Little Fish in a Giant pond

Wednesday, April 11, 2007

Belinda is leaving politics

Well, as suddenly as she burst onto the political scene, it seems that Belinda Stronach is leaving politics just as quickly.

I don't think I've ever been shy about the fact that I am not exactly her biggest fan. I was really upset at how she left a high profile position in the official opposition party to become a cabinet minister in Paul Martin's government. I too would have felt far more comfortable if she had simply left the Conservative party to sit as an independant until she could be elected as a Liberal. To be fair though, she was re-elected in her riding in spite of the way her big switch happened. So if nothing else at least her riding forgave her. Which I seriously doubt will be the case for David Emerson or Wajid Kahn.

I don't think any of us will ever forget the infamous dog remark made by her former boyfriend Peter MacKay, Canada's current Foreign Affairs Minister. I must admit that I lost what little respect I had left for MacKay over this incident. Not simply because he let his feelings get the better of him, but because he was too cowardly to simply admit that he had made a mistake or at least to deny that he had said it, he was revealed for the weasel that he is.

If nothing else, Belinda made our lives interesting, as we never quite knew what to expect of her. She was, at least in appearance a strong advocate for the promotion of the status of women. As one of the author's of the Pink Book, she helped set forth some of the Liberal Party's most progressive women's policy.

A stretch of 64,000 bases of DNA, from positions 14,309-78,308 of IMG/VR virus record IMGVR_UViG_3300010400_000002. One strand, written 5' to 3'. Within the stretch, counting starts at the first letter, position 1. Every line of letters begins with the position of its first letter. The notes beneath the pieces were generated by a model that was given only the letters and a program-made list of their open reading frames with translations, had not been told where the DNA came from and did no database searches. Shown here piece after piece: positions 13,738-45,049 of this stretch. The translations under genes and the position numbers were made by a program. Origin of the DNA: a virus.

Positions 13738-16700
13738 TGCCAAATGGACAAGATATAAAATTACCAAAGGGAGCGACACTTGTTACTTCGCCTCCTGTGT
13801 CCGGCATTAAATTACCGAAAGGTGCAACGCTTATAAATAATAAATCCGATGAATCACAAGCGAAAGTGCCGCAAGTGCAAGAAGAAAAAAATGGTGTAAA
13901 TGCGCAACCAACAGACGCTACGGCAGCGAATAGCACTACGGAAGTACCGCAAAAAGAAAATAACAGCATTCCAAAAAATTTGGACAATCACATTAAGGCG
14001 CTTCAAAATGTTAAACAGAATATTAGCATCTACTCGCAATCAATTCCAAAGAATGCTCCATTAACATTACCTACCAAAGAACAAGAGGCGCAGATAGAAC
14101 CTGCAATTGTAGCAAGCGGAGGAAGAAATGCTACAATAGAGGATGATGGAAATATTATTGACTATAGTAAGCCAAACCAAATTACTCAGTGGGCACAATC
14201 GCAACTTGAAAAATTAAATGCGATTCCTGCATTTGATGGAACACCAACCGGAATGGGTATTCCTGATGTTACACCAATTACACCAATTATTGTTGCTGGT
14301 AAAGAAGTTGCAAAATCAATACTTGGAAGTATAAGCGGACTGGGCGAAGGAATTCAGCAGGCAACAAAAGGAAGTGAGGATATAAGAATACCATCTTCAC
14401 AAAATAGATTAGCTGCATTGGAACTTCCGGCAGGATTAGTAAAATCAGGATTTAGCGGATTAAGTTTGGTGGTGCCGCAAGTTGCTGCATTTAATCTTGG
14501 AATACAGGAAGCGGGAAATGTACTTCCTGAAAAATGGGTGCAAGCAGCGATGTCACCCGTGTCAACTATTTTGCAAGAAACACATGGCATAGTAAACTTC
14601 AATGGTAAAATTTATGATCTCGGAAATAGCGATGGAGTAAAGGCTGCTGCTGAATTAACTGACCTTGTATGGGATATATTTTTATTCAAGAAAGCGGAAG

In the word's of one of my best friends, and fellow bloggers, Vicky Plouffe:

"she showed women that they could become involved into both young and pretty, without being confined to the pretty face status in the house" (this quote is not from Vicky's blog, it is from an MSN conversation we had that I am reproducing here with her permission)

I can't say that I really agree with Vicky all that much, as I don't think that canadian women ever needed to be convinced of what they can and can't do. But one thing is undeniable, Belinda played in the big leagues and held her own in a male dominated arena. She refused to bve cast aside like the Helena Guergis and Rona Ambrose "types" of the Canadian political world. I'm sure Belindsa's vast family fortune didn't hurt in this regard, but there is certainly no shortage of men in Canada's parliament with this very same advantage.

Like I say, I'm not exactly her biggest fan, but I think I will miss her. If nothing else, Canadian politics will miss having such a strong female voice.


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